Second, there is nothing in the statute that conflicts with the plain meaning of that language. Indeed, the rest of the statute supports that plain meaning. Nor has anyone identified anything in the law’s legislative history that conflicts with that language. The only statement anyone has found on this point shows the statutory language was intentional. During congressional debate, the bill’s lead author, Senate Finance Committee chairman Max Baucus (D-MT), explained that the bill conditions tax credits on the establishment of a state-run Exchange.

Third, even though some members of Congress and the President might have preferred a law that authorized tax credits in federal Exchanges, they nevertheless enacted a law that did not. Many advocates of health care reform urged passage of the Senate bill even though there were parts of the bill they did not like, and knowing full well that not all defects could or would be fixed through the reconciliation process. Congress amended the sections of the Senate bill that authorize tax credits and cost-sharing subsidies a total of 12 times through the reconciliation process, but left the language limiting tax credits to state-established Exchanges undisturbed. Again, many of those amendments support the clear meaning of that language, and none of them conflict with it.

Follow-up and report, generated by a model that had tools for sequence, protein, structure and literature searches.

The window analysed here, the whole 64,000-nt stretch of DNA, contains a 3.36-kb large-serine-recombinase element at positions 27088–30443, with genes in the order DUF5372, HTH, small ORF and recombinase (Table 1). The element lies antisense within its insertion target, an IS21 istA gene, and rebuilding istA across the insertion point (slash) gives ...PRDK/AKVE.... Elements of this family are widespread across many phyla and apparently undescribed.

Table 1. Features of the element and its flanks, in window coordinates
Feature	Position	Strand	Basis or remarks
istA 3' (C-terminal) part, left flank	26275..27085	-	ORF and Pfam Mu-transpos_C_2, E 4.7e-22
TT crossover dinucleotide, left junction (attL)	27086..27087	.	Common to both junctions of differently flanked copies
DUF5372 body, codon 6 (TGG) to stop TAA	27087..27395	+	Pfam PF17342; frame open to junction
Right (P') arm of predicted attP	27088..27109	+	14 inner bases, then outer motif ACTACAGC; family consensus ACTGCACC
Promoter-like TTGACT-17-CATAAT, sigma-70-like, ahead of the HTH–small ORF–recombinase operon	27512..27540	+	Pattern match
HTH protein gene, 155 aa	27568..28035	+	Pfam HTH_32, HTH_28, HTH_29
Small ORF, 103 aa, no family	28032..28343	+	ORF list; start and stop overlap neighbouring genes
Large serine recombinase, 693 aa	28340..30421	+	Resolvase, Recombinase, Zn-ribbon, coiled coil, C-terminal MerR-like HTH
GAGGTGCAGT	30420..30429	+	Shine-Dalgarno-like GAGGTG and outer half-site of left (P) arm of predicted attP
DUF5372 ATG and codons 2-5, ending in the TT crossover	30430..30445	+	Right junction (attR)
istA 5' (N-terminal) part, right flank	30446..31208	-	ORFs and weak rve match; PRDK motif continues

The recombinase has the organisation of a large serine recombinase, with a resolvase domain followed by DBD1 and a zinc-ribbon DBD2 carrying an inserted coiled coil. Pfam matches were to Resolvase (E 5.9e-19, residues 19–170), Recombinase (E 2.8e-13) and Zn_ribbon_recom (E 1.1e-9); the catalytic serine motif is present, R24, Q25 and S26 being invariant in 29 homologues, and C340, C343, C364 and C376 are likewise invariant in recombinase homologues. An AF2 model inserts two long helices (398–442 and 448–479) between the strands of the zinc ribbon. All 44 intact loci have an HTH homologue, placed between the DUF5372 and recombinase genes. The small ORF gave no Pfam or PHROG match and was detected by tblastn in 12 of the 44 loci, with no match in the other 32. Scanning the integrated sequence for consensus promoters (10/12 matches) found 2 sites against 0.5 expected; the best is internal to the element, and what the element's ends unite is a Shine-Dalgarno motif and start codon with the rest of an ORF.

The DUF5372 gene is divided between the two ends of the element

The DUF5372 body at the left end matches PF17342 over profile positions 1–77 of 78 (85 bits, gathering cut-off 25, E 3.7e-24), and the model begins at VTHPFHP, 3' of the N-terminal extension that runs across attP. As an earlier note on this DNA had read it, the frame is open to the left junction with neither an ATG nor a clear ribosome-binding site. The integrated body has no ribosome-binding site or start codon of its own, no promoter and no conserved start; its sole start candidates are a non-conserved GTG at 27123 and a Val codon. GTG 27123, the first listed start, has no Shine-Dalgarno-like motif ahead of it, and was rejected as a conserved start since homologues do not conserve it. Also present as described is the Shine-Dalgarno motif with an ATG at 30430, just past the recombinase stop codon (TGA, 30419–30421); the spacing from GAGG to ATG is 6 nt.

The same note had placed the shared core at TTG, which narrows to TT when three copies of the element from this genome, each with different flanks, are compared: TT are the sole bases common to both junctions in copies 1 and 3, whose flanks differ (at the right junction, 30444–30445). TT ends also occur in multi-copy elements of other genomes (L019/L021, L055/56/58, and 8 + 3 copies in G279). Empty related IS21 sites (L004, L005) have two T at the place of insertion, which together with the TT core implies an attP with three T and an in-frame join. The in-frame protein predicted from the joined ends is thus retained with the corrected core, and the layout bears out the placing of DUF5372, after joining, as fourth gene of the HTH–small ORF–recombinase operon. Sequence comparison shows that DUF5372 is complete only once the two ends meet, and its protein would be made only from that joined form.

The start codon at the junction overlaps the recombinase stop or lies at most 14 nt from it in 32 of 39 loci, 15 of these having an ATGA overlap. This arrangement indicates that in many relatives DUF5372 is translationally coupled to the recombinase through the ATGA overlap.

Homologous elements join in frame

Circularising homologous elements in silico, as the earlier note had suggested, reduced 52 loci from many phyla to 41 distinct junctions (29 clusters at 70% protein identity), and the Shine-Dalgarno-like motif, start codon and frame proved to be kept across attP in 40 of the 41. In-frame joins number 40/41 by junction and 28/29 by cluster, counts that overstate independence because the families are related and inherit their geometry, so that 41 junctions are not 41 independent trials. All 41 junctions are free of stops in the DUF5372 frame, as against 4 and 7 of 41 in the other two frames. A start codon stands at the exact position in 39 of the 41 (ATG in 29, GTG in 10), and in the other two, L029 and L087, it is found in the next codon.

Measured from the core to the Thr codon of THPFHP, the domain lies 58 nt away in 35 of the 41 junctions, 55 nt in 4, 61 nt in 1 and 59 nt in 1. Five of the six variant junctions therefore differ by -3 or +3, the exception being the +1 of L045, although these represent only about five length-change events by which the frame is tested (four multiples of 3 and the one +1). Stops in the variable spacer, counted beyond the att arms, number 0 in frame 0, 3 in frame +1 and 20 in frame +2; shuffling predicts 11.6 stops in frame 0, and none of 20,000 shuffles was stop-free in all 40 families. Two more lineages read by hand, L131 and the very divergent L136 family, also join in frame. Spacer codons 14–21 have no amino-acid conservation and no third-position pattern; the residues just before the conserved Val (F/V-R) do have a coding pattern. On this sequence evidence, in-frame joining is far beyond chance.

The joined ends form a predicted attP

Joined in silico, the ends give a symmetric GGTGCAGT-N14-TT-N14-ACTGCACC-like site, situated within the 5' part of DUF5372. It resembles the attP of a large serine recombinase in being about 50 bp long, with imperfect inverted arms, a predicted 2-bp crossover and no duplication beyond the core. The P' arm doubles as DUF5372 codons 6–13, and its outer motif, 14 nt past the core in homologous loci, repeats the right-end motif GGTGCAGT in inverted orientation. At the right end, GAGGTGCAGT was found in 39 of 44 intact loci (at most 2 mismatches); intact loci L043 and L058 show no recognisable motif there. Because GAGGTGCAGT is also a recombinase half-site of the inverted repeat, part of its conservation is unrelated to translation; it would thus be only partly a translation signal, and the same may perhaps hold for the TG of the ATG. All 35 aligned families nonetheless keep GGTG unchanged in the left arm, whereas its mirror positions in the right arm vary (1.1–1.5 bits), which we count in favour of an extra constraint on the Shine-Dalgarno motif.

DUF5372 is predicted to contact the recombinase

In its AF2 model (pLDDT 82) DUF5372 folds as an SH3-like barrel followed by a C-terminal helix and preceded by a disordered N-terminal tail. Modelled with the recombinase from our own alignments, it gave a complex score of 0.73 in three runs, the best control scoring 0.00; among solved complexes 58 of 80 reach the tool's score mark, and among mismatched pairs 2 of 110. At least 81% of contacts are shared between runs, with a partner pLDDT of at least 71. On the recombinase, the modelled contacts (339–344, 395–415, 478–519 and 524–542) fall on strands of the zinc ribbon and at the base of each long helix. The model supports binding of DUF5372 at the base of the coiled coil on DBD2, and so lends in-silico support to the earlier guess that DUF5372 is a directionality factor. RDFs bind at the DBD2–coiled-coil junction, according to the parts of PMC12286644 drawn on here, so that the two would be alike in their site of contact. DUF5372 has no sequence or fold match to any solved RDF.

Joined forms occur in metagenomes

And yet, in late May the IRS finalized a rule that will issue tax credits—and therefore will trigger cost-sharing subsidies and employer-mandate penalties—through federal Exchanges, contrary to the plain language of the statute. It is our contention that this rule is illegal.

We invite everyone to read our working paper alongside Jost’s post, and our reply, and to decide for themselves whether the IRS is breaking the law.